Antiplaque and Antigingivitis ToothpastesSanz M. · Serrano J. · Iniesta M. · Santa Cruz I. · Herrera D.
Etiology and Therapy of Periodontal Diseases Research Group, Faculty of Odontology, University Complutense, Madrid, Spain
Dentifrices are a general term used to describe preparations that are used together with a toothbrush with the purpose to clean and/or polish the teeth. Active toothpastes were first formulated in the 1950s and included ingredients such as urea, enzymes, ammonium phosphate, sodium lauryl sarcosinate and stannous fluoride. Later, therapeutic agents were included. Today's toothpastes have two objectives: to help the toothbrush in cleaning the tooth surface and to provide a therapeutic effect. The therapeutic effect may have an antiplaque or anti-inflammatory basis when the nature of the agents is antimicrobial. Plaque inhibitory and antiplaque activity of toothpastes used for chemical plaque control is evaluated in distinct consecutive stages, the last being home use randomized clinical trials of at least 6 months' duration. In this chapter, the scientific evidence supporting the use of the most common antiplaque agents, included in toothpaste formulations, is reviewed, with a special emphasis on 6-month clinical trials, and systematic reviews with meta-analyses of the mentioned studies. Among the active agents, the following have been included in toothpastes: enzymes, amine alcohols, herbal or natural products, triclosan, bisbiguanides (chlorhexidine), quaternary ammonium compounds (cetylpyridinium chloride) and different metal salts (zinc salts, stannous fluoride, stannous fluoride with amine fluoride). Dentifrices are the ideal vehicles for any active ingredient used as an oral health preventive measure since they are used in combination with toothbrushing, which is the most frequently employed oral hygiene method. The most important indications of dentifrices with active ingredients are associated with long-term use to prevent bacterial biofilm formation, mostly in gingivitis patients or in patients on supportive periodontal therapy.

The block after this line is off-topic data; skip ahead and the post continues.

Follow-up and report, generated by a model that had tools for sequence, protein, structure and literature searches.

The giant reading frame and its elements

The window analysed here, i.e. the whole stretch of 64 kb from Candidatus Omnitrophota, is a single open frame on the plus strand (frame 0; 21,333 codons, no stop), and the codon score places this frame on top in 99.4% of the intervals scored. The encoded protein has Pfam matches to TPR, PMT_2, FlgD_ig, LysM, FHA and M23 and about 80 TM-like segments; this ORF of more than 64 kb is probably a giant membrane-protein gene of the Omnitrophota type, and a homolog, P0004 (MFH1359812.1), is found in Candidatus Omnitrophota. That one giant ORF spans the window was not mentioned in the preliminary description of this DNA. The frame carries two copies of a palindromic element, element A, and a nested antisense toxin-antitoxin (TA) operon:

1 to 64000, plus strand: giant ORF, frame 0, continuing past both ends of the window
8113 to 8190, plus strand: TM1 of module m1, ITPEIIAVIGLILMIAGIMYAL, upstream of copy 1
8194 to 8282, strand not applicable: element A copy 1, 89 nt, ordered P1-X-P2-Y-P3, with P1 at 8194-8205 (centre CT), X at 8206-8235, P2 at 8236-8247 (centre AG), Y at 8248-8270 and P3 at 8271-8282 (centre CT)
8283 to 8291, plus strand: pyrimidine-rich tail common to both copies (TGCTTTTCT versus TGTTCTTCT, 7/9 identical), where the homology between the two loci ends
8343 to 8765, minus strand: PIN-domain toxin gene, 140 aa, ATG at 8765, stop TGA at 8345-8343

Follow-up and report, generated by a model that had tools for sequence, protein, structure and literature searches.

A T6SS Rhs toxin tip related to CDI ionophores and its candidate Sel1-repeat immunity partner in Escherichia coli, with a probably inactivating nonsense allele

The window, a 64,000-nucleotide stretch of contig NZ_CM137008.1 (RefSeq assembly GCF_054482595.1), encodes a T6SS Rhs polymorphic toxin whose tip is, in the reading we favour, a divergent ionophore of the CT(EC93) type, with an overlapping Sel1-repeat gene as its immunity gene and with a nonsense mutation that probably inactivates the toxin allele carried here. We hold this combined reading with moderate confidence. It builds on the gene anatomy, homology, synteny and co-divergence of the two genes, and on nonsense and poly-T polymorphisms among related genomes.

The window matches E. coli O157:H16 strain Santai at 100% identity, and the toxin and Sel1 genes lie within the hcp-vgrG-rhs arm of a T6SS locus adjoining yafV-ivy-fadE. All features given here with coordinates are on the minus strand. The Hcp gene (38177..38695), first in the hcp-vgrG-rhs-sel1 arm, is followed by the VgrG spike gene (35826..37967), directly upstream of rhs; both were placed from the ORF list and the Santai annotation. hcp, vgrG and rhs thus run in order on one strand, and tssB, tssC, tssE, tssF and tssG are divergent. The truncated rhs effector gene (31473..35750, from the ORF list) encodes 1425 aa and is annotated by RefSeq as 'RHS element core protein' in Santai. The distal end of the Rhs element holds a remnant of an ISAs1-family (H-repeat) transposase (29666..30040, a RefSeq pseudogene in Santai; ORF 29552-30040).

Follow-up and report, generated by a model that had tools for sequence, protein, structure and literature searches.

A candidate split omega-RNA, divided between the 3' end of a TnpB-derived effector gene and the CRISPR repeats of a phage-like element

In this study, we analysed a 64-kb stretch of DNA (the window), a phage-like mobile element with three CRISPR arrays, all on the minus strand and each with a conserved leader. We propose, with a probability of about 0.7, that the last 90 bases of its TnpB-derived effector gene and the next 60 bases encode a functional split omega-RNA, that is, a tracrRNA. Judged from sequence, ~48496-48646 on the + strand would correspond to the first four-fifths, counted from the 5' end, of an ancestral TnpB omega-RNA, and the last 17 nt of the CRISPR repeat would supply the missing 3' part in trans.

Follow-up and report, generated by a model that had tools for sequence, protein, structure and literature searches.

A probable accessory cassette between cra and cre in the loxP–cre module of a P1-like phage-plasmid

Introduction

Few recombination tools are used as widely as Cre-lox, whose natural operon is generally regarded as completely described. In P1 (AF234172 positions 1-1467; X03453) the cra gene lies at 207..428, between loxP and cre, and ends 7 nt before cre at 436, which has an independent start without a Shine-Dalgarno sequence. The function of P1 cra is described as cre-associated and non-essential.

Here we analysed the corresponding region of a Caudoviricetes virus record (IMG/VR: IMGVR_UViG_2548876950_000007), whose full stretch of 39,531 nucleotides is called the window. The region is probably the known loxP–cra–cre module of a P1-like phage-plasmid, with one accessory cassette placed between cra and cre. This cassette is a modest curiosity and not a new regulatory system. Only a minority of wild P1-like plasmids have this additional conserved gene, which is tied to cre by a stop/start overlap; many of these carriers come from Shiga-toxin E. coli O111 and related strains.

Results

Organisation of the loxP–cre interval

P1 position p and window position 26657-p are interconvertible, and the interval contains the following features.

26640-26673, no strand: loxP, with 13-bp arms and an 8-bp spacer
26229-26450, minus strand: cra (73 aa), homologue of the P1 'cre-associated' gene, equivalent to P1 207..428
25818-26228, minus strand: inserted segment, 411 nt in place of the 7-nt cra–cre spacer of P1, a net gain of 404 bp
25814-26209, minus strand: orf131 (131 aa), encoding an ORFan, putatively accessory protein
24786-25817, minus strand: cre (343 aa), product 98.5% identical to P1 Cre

© 2013 S. Karger AG, Basel